This is a repost:
Parts where you should giggle shall be in blue. You may not know that these things are funny to me now; therefore, I feel compelled to point them out to you.
OK, this is a weird blog. Especially as it’s a “flashback”. These are particularly difficult to make funny to everyone else. You all may think they are horrible and miserable and OMGs, but in reality, where I am now, my husband, kids, Goose and her boys all laugh at these type of things. We have to. It’s Darwinian.
After writing the blog from yesterday, about Elaine in a dead-end job having to purchase tube socks for her boss that were “just the right height”, it “triggered” a flashback. Back in the earlier days of my marriage, this would have been a nightmarish trigger; now, it’s ridiculously funny to me.
One day, Dad came home, had his four or so martinis (to start), and picked me for the lucky one to argue with. The five of us (mom and four kids) would usually duck and cover and hope it wasn’t us, but at the same time, we’d feel sorry for the person who was picked by him.
This particular argument of his with me has to be the most absurd, therefore funny to us all. I hope you can see the humor in it. He came home, drank, and confronted me in my bedroom while studying (a lot of good the studying did, I was a B- student all through high school). He barged (stumbled?) in my room, I turned around, frightened by the intrusion, and he said, “What did you do for me today?”
I was stunned. “Huh?” I was 16 or so. I thought to myself, “Crap, I didn’t do anything for Dad today, was I supposed to? ….I went to school, went to gymnastics practice, went to work for three hours, came home, and now I’m studying; now what do I say?”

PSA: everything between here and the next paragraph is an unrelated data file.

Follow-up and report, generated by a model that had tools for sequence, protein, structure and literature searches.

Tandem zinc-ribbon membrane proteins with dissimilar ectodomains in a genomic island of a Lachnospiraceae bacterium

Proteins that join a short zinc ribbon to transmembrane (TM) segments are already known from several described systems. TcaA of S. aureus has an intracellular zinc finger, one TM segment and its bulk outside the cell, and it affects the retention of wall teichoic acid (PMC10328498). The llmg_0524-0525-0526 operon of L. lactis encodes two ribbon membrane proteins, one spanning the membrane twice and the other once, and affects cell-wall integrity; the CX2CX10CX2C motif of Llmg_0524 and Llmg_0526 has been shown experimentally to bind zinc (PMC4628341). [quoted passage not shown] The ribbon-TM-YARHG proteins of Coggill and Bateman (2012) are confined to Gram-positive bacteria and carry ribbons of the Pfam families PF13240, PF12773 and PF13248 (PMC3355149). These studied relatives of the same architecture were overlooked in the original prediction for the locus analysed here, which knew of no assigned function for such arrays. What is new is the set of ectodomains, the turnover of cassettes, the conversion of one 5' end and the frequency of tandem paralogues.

So I said, “Nuthin, I was busy at school and work”.
BZZZZZZZTTT… WRONG ANSWER. I knew it was, my sarcasm started early.
Dad: Did you at least pray for me?
Me: …ummm, no. (Pray for you? I don’t even like you. You’re mean.)
Me:….but I didn’t pray for anyone.
Dad: Did you do anything for anyone but yourself today?
Me:…No, I don’t think so.
Dad: Well, then I have a chore for YOU. Get your butt up and go measure my socks. You should be doing something for me each and everyday. You should be thankful there’s a roof over your head.
Me: Measure your socks? (Remember, I’m 16, sober, he’s a lot older, and drunk)
Dad: Go get the GD yardstick and measure my GD socks. (This is not said in the pleasurable conversation decibel, this is said at rock-star decibel.)
Me: Measure them for what? (eyes are now leaking, scared, quivering, as I’ve never learned quite how to measure socks)
Dad: I don’t want any socks that are too GD short (s-h-r-i-l-l).
Off I went to the kitchen closet where the yardstick was kept. I measured each and every pair of his stupid socks. Hating him as I did so. Can you believe it? Who would make their kid measure their socks? I don’t remember what his exact requirement was, but they had to be “not too short”. That’s AMBIGUOUS for me, you know. You all remember I don’t “do” ambiguous, right?
But, the funny part is, I KNOW how stupid it was. And I knew it then. And still, until this day, when I see a man cross his legs, and I see his bare leg, I know this poor man did not have a daughter who measured his socks for him. And I have to laugh. I laugh at my father’s absurd drunken request that I measure his stupid socks.
So the next time you see a bare leg on a man who crosses his legs, will you at least giggle for me? And I wonder what would have happened if I wasn’t truthful – if I had lied and said, “why, of course, I prayed for you mightily today?” Probably short socks on men wouldn’t be a trigger for me, nor would yardsticks.
P.S. Please, oh, please, laugh at the absurdity